It isn’t often I would venture into the capital without my guiding girl Fizz, but given the times of the travel, not leaving London until just before midnight it was much more important to ensure Fizz’s needs were met….. While pleasing another of my friends as Fizz went to hers for a sleepover and a play date with her pet dog.

Time REALLY DOES Fly when you are having fun

Fizz sat in front of a Mini the Minx statue on the street in Dundee

As someone with sight loss, it can often be quite painful to look back.

This is because looking back is a time when there was more sight, less struggles.

However, in this instance I am looking back to actually be able to measure how far I have come.

This time five years ago I was in the midst of training with Fizz, my second guide dog.

Training with Fizz was different in many ways to when I trained with Vicky.

For starters, I didn’t have the nausea that I had had during training with Vicky (as I soon discovered I was actually pregnant with my son)

I also discovered very quickly, that although trained the same, personality played a big part in how a dog behaved and works…

Unlike Vicky, Fizz was not a licker; she was however a very tactile dog and loved to be close, preferably touching me at any opportunities.

I was also quick to learn that Vicky had actually worked on me and twisted me around her paw!

This became apparent as we trained within our local supermarket.

(With Vicky) If I had forgotten to pick something up in the aisle we would walk up-to the end of the aisle, around to the next and complete a loop to get back to the beginning. As she (Vicky) would never just turn around and go back on herself.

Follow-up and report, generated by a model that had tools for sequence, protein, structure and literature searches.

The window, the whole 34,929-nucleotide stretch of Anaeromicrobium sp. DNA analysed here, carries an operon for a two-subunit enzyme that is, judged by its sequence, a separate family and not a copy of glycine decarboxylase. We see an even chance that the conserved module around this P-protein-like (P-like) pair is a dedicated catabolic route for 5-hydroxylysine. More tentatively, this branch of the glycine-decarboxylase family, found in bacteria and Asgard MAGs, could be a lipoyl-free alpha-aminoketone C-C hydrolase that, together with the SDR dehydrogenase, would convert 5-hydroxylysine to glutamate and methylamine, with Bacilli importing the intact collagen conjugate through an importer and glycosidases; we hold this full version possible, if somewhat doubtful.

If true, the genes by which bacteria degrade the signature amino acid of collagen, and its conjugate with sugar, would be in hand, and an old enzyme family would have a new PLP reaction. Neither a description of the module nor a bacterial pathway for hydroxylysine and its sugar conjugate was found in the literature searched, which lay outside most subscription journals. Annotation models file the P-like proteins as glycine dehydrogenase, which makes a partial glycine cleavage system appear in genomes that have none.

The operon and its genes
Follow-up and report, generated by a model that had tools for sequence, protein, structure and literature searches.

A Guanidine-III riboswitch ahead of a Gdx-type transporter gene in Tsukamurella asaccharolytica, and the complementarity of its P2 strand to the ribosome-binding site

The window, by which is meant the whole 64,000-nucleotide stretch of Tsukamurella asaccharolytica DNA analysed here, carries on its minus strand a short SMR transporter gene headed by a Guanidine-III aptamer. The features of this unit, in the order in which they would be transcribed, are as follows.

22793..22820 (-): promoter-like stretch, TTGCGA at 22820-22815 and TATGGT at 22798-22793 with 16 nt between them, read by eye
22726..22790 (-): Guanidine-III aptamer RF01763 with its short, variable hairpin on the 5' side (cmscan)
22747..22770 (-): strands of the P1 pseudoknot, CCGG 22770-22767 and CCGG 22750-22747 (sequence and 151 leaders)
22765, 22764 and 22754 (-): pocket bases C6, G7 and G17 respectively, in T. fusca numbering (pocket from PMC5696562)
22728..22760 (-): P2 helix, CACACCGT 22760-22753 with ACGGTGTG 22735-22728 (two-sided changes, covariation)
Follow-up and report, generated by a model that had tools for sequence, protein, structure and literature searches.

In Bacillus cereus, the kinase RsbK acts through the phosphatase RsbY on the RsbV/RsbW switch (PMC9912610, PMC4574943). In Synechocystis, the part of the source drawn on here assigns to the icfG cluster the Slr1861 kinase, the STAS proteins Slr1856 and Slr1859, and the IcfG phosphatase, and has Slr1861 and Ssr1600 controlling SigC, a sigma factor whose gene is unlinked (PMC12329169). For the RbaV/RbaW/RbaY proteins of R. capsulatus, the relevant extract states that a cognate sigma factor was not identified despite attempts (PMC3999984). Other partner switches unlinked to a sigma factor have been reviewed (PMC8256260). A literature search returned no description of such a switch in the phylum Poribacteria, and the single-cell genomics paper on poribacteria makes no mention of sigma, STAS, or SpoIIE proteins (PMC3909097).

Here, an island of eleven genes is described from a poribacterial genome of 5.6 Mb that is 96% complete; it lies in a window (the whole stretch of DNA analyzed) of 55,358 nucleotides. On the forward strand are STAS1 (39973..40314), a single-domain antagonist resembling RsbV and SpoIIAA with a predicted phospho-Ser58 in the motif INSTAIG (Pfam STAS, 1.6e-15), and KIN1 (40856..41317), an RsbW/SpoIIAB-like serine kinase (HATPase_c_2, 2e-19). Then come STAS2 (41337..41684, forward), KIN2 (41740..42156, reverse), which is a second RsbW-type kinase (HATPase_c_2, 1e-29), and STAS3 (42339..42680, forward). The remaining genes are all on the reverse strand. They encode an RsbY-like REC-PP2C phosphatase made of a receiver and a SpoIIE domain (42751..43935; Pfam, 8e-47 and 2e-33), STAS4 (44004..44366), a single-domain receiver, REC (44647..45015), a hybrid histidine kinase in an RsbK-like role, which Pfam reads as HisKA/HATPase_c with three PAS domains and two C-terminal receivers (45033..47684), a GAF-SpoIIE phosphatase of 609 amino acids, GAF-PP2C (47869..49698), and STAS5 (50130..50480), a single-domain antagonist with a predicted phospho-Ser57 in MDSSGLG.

I just thought that this was the way this was how things were done….. How wrong I was !!!

When going to do this same move with Fizz in the supermarket my GDMI (guide dog mobility instructor) asked what I was doing, so I explained to be told in a firm (but fair) tone

You turn your dog around. Right where you are!

My GDMI referred to my previous guide dog as a ‘double diva retriever’ as she was both a flatcoat retriever and golden retriever. Which only became more clear as my training with Fizz progressed. As I worked backwards from some of the ‘habits’ Vicky had me doing to suit HER.

Fizz was also different in that she was walking at the pace I SHOULD be walking at; I say should because I hadn’t realised that as Vicky had slowed in her older age, I had simply adjusted to that too. When actually my preferred walking pace was considerably faster. However to begin with, this made it feel like I was running to keep pace. Just 10 days in to training I was already finding each day a little easier and enjoying the long walks more and more.

If I am honest, I found it much harder to train with Fizz than I did with Vicky, however my life was so different from when I started training with Vicky back in 2009.

And a massive chunk of that was actually down to Vicky; down to the freedom and independence she had given me.

I was no longer the woman who relied on others to take me places, if I wanted to do something or go somewhere, with Vicky beside me I was able to achieve this.

Home life had changed to, when I trained with Fizz I was no longer working, but instead I filled my time with volunteer roles, climbing, socialising, walking and of course caring for my children.

And now I also had the time to be able to spend time taking Vicky out each day for a (non working) walk and play at the park so that she could enjoy her retirement at home with me and the children as part of our family.

Which is where she stayed with us until she passed away at the very beginning of 2018.

Fizz picked up on my hearing loss sooner than I did; she stepped up and kept me safe when I missed the odd bike or electric car.

She has been my rock.

She has taken the independence Vicky gave me and enabled me to expand on it, we have had some amazing and sometimes crazy adventures.